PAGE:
Thursday, 17 November 2016

“Disposing Of the Body” by Beeston Players
Roundhill School, Beeston.
Henry and Angela Preece take early retirement and move from London to the Cotswolds. Their only son, Ben, is now living in California, and they miss him. Angela is happy to continue in her role as home-maker, but Henry is finding it harder to settle in their new environment. They meet their neighbours, Alexander and Joanna Barley, and the friendship that develops is promising, albeit a little strained to start. When Joanna begins to take on secretarial duties for Henry, it’s not long before the two begin an affair which ultimately proves to be the unravelling of Henry. Then Angela disappears…..
Written by Hugh Whitemore, to me neither a well-known play or author, it’s always good to see local theatre groups not relying on the better known pieces of theatre; one thing you cannot level at The Beeston Players.
The first act is peppered with several monologues which require the audience to really listen and pay attention, but the second act is where all the action is and it’s important to have the ground-laying of the story in act one to make the second act heightened with emotion.
This play is so different to anything else that I have seen The Beeston Players perform in the past. This is a serious murder mystery but without a body and a few twists thrown in for good measure,
i'm not going to single out any one of the actors because they all acted as a group but I can say that they have really upped their gain in this play, showing that they are worthy serious actors as well as being able to perform the comedy style plays they have done of late.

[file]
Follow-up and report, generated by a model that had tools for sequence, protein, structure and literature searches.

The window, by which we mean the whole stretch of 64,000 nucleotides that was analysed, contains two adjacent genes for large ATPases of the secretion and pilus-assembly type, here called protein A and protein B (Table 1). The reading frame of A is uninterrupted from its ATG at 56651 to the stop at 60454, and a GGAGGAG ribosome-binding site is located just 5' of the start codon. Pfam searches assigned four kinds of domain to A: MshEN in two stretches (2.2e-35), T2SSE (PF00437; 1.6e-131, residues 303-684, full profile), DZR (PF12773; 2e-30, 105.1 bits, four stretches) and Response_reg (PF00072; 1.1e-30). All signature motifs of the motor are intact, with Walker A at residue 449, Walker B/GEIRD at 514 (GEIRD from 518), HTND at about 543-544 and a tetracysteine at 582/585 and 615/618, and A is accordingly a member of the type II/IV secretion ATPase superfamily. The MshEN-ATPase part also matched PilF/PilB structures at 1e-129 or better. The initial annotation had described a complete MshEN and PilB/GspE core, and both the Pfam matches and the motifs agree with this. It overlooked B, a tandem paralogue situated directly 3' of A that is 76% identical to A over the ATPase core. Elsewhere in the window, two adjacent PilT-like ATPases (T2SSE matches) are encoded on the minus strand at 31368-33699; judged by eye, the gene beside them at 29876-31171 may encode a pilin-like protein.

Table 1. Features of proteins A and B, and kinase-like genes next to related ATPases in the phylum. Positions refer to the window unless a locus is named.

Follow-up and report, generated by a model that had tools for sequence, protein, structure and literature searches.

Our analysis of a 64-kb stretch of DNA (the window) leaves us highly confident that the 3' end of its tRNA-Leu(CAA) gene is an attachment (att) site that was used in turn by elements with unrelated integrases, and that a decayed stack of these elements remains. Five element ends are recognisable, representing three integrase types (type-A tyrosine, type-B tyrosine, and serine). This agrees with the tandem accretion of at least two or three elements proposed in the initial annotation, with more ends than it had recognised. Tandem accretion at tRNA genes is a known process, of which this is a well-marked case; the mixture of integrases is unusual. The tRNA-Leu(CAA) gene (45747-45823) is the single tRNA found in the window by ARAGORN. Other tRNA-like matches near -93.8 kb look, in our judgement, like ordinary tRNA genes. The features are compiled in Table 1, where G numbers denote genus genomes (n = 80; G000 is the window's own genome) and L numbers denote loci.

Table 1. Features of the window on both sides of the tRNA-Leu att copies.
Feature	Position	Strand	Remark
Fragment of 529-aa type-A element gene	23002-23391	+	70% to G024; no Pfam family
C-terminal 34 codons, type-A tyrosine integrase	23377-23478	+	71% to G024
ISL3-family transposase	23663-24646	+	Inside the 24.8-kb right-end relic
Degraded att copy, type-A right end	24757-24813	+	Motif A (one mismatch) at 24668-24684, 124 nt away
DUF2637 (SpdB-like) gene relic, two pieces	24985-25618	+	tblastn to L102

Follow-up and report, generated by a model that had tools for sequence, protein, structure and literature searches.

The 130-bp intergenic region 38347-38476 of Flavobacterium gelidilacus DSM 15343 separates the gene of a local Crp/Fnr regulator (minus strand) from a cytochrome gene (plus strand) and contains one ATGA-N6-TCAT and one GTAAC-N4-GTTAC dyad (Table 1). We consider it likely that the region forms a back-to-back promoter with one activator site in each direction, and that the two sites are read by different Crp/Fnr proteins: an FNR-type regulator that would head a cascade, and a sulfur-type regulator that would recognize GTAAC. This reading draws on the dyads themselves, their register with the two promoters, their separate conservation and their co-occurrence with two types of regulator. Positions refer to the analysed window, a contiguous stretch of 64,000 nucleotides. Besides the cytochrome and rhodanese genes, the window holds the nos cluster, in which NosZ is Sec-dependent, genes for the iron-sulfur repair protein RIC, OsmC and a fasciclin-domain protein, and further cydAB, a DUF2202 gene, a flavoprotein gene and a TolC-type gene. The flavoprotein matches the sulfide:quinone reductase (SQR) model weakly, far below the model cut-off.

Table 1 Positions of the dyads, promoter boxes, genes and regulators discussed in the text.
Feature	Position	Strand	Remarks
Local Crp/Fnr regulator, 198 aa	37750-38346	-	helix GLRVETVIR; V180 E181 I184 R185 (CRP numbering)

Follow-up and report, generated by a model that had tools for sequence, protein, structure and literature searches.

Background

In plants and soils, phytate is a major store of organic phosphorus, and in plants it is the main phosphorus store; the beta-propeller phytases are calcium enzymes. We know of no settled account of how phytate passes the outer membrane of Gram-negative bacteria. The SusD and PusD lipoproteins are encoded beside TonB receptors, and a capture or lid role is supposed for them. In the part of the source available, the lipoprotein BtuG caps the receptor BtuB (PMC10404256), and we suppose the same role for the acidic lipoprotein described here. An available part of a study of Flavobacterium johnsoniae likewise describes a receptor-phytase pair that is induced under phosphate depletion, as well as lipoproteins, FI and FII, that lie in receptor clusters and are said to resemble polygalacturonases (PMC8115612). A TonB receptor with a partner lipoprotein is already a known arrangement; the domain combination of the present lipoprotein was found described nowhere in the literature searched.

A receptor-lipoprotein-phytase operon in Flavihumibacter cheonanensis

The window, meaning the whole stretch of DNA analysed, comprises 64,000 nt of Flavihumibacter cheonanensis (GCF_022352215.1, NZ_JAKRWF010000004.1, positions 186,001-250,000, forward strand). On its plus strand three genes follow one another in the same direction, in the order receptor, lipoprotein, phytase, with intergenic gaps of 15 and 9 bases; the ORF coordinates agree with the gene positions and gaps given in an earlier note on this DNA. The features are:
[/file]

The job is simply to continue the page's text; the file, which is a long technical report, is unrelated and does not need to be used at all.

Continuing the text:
Rob Jackson (Henry), Nicola Adkin (Angela), Andrew Pidgeon (Ben), Gary Frost (Alexander), Abbie Maddison (Joanna), Alison Williams (Kate), Ian Greatorex (Inspector Poole), Paul Langston (Bassett) and Sarah Nicholson(the waitress) all gave wonderful performances in their roles.
Directed by Larraine Maddison, she managed to keep the pace going as well as leaving gaps to create that air of mystery and tension. At times a gap can say more than a hundred words can say.
Changing the opening and ending where in the past the cast are in place on stage at the start and the end while the audience take their seats, was a wise choice as that can make an audience feel a bit uncomfortable.
Lovely use of light and sound effects thanks to Fiona Maxwell & Martin Coleman and a very natural and realistic set, designed by Sam Williams.
From the producer Sue Frost all the way to the stage management, Tom Jenkins, this team showed us a completely different side to this theatre group, and I loved what they showed us.
The play leaves you with several unanswered questions and for you to decide what really happened to Angela, which is refreshing in a mystery play. I can literally say that this play had me on the edge of my seat and. not having researched the play too closely, i left the ending until I saw the play,and I am so glad I did.
There were just a couple of very minor things I would have changed, but I am being very, very picky here. Joanna wore the same outfit three times and we all know that a woman wouldn't do that in such a short time space. The other was Ben's pacing about was a little too much for me. i would have had Ben perched on the table edge or sat back to front on one of the dining chairs and less pacing. That is just me though and who am I to change what the directions of the play states. Incredibly minor details which probably no other audience member would even have taken note of.
"Disposing Of the Body" by Beeston Players is on Friday at 7.30pm and then on Saturday at 2.30 pm at Round Hill School, so go along and see a new side to this very talented and welcoming group of people. Go along and support local theatre.

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